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ON A SERVER

  • I created a git repo in the working directory of my web-app /html.

  • To create a git 'host' repo, I ran git clone --bare html html.git.

  • I now have a git 'host' repo and a git 'client' repo on the remote server at /html.git (host) & /html (client).

I want to push from my local machine to the server and not have to do a git pull ON THE SERVER.

ON MY LOCAL MACHINE

When I push from my local machine to the remote 'host' repo, I want to use the post-receive hook to run a git pull on the remote 'client' repo.

Is this possible or is this the easiest way of doing this?

Going to be trying to use this method: http://toroid.org/ams/git-website-howto

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Are you trying to get the remote repository to pull the client repository on your local machine, or somewhere else? If the answer is the former, why not just push them both at the same time? –  Tom Oct 22 '10 at 16:34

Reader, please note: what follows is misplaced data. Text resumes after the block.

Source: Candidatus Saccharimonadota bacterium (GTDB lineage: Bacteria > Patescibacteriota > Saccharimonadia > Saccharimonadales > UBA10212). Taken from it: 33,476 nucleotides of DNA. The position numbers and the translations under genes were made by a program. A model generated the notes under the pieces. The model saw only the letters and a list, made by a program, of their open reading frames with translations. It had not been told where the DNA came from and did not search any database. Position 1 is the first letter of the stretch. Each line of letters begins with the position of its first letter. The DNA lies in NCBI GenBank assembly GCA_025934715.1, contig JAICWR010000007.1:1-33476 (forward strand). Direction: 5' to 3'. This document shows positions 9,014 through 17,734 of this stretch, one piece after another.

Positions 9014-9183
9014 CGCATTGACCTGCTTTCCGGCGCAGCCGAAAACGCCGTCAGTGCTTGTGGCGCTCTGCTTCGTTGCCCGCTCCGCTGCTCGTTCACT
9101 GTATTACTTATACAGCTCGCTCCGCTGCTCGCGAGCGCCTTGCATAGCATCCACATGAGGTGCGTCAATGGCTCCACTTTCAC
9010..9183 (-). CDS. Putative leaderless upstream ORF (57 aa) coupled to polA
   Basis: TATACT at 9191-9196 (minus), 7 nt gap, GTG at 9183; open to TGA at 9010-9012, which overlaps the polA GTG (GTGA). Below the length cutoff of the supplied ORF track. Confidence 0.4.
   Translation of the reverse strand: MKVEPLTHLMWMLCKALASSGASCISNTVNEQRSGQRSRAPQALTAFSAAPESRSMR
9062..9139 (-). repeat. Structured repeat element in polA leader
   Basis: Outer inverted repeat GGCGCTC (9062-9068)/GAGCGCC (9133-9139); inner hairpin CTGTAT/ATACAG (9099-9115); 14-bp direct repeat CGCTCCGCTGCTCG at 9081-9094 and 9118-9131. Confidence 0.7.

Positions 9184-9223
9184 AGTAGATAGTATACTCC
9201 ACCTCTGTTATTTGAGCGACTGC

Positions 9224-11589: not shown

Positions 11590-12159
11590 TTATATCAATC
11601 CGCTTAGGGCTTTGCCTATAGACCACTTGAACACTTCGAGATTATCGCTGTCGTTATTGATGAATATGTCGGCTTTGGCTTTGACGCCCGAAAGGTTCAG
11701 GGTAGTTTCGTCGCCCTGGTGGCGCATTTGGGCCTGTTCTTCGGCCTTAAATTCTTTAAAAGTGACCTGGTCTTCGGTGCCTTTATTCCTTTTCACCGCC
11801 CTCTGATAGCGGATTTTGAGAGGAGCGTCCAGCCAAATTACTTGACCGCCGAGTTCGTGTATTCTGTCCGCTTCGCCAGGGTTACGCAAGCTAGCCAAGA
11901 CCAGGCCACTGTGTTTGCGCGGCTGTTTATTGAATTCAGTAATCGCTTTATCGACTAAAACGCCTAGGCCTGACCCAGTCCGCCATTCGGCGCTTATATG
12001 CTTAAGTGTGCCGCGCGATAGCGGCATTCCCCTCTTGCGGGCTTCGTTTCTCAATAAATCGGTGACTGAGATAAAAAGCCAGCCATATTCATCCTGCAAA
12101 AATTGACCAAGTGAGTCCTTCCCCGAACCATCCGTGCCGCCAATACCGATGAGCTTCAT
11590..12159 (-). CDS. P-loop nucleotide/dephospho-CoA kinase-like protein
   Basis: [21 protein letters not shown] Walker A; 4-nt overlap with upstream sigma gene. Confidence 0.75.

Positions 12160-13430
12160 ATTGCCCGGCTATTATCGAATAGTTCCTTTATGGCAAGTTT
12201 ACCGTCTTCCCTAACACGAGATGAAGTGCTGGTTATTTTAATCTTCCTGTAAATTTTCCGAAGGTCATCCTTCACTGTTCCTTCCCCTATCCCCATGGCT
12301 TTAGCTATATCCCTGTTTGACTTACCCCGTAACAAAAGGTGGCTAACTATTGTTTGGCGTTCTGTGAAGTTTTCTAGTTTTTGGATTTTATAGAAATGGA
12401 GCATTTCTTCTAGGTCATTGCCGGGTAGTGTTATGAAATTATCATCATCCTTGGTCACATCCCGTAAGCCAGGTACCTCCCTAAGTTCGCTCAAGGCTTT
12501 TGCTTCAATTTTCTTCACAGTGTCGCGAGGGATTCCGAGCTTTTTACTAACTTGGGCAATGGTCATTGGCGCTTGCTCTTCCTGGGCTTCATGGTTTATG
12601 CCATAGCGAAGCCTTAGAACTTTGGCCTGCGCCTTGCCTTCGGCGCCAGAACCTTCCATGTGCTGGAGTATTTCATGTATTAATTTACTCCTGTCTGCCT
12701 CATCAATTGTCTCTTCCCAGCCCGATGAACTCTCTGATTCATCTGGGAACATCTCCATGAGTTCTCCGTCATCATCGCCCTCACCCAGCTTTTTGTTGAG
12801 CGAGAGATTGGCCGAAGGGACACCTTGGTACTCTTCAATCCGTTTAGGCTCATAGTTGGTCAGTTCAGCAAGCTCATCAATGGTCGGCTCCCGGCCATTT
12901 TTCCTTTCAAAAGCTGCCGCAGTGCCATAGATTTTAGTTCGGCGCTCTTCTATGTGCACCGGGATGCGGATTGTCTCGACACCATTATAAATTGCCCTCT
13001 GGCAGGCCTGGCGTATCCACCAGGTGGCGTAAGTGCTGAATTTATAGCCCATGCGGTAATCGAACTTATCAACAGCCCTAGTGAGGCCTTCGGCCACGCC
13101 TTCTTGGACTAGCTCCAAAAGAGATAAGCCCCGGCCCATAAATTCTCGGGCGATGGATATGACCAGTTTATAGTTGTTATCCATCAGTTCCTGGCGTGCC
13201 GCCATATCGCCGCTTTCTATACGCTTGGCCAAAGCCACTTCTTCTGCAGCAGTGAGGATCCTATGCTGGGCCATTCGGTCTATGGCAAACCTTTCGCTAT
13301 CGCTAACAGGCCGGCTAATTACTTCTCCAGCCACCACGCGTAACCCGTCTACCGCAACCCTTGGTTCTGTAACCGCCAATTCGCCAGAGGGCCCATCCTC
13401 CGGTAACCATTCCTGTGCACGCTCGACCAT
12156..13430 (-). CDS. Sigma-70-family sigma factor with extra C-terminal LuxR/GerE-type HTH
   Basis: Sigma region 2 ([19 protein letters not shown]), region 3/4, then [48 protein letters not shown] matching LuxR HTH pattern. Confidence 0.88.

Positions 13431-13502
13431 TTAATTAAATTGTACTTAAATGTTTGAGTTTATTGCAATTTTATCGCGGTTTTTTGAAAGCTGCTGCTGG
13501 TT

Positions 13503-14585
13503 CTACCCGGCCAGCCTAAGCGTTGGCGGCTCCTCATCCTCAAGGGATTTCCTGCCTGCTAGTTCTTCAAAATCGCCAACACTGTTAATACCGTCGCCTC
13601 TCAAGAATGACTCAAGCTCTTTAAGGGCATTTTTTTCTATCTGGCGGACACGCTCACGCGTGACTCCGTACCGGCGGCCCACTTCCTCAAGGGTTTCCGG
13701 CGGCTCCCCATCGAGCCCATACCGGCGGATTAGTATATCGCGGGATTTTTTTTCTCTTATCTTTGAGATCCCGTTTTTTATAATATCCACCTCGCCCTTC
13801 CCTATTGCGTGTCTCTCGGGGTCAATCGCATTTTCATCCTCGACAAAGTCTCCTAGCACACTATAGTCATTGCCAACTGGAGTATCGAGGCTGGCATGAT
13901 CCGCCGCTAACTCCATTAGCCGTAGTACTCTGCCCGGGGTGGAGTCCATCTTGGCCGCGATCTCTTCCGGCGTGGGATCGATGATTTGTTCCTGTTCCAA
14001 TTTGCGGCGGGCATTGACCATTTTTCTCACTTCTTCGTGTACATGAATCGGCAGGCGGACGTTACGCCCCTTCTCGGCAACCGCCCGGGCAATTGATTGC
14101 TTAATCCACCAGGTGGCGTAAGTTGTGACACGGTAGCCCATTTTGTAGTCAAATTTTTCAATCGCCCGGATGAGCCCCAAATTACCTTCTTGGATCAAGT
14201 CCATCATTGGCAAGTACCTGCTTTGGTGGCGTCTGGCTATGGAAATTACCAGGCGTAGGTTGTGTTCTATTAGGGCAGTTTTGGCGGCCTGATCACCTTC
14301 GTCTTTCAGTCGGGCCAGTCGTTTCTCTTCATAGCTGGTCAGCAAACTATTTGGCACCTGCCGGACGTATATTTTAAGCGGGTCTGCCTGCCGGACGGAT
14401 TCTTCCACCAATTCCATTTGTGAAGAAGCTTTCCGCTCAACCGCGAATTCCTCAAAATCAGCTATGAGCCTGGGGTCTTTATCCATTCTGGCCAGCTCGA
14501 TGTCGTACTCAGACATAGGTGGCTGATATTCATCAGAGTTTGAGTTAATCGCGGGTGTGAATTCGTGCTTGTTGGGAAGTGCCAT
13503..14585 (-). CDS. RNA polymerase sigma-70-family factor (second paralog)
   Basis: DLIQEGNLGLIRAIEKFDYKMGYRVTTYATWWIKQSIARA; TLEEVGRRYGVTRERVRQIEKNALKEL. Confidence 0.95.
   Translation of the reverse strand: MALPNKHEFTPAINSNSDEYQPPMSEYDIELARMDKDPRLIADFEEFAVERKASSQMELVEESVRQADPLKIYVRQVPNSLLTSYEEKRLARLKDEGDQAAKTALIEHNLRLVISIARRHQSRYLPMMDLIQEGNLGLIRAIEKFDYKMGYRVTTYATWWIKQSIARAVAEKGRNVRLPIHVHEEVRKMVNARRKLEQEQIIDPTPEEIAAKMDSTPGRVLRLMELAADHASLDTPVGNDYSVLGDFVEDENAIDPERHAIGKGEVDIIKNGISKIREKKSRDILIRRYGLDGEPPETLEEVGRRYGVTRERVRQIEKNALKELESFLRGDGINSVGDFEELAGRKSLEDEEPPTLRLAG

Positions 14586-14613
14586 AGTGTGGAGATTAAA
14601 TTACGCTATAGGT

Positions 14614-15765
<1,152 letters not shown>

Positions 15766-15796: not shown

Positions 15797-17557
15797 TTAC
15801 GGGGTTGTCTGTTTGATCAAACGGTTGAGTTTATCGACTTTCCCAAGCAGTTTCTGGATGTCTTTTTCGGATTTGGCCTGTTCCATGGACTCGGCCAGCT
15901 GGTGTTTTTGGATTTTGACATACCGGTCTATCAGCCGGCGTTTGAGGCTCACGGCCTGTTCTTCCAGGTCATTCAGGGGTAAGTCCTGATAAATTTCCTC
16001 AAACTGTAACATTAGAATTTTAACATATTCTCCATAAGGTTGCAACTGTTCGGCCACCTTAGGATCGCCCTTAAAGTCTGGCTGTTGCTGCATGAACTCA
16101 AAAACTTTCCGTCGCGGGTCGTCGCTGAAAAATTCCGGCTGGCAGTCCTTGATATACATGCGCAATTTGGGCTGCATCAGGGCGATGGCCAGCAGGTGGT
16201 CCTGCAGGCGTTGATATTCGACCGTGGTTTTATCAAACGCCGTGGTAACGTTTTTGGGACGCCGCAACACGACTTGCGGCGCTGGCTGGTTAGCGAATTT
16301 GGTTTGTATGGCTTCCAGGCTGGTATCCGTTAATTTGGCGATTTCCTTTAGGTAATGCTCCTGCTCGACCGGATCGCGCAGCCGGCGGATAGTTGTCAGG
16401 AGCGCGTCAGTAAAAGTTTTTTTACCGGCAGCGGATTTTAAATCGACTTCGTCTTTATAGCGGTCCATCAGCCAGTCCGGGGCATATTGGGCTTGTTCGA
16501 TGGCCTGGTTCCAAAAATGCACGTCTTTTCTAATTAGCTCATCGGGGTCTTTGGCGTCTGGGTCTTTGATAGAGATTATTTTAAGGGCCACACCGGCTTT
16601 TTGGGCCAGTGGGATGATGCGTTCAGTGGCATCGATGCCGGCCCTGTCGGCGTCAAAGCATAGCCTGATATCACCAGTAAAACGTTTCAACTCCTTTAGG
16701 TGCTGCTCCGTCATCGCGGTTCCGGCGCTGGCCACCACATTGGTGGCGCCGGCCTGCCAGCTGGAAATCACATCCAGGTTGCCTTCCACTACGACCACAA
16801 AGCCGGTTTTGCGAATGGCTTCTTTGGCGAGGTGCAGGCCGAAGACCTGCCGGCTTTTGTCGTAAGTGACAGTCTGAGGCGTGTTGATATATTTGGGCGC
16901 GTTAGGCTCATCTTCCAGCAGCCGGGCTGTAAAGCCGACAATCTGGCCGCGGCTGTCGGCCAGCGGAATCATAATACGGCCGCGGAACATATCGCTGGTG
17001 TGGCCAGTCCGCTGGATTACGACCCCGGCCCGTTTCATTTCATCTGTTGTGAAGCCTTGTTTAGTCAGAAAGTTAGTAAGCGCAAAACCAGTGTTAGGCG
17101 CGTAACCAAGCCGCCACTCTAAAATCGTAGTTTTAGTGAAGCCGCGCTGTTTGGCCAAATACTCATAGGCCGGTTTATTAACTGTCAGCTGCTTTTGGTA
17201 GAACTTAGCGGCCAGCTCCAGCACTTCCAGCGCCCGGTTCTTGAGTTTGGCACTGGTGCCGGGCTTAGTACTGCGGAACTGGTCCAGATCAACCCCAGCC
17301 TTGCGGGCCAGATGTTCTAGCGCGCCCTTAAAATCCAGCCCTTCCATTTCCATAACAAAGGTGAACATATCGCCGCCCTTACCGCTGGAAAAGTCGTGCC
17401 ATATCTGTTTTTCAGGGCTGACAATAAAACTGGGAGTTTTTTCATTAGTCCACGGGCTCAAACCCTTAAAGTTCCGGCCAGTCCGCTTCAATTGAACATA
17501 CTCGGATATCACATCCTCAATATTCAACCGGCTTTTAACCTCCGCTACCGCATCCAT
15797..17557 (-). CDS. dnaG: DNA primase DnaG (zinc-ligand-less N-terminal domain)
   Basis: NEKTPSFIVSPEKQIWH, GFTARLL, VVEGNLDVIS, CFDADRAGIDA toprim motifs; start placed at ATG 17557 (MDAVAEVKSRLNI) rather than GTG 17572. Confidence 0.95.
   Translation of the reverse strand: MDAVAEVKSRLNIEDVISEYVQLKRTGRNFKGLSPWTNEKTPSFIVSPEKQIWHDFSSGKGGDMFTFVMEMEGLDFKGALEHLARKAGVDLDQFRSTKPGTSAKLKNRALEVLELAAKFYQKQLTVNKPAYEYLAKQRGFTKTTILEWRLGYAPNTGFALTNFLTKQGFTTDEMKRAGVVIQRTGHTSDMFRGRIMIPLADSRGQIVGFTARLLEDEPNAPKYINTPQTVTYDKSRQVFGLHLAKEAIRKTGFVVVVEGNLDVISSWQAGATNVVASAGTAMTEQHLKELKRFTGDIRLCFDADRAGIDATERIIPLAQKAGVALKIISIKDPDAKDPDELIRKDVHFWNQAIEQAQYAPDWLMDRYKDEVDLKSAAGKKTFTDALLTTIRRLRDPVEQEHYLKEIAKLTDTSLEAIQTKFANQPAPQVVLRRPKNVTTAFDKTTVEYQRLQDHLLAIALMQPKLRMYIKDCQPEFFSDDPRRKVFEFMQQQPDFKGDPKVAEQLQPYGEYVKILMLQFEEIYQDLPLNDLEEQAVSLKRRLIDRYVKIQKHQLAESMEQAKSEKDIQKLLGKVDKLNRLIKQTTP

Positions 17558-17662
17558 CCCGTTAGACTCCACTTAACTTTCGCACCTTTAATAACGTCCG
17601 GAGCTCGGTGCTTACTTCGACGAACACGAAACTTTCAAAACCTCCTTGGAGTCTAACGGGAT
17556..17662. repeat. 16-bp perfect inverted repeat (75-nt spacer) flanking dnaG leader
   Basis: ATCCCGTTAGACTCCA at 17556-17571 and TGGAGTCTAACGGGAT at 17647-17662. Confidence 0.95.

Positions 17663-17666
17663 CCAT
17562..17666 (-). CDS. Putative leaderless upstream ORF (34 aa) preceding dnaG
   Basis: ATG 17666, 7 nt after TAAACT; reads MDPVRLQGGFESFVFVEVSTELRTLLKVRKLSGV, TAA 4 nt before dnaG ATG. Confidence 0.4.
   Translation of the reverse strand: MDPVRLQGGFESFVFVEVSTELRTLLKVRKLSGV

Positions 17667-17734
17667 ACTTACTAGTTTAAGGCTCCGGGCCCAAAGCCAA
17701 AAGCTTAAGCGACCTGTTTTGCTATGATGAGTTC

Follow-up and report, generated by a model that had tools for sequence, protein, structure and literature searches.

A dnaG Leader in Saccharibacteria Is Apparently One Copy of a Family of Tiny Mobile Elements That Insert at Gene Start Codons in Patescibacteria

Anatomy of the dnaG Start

I'm trying to get the remote client to pull from the remote host. –  adamyonk Oct 22 '10 at 16:48

2 Answers 2

up vote 3 down vote accepted

It should be possible. The git hooks are just ordinary scripts that are given some useful arguments, so (assuming the git user has access to both repos) you should be able to do something like:

cd /path/to/client/repo && git pull host master
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This worked - A good walkthrough here: joemaller.com/990/a-web-focused-git-workflow –  adamyonk Oct 25 '10 at 20:44

Instead of running git pull in the remote 'client' repo, you can directly push from the 'host' repo into the client.

In /path/to/host/repo/.git/hooks/post-receive, just have something like :

#!/bin/bash
git push ../html master
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I didn't know it was possible to push to a 'client' repo like that.. I think I should be able to push from my local computer TO the client repo on the server. –  adamyonk Oct 22 '10 at 18:31
    
Sure you can... as long as you have the right permissions. –  Matthieu Oct 22 '10 at 20:26

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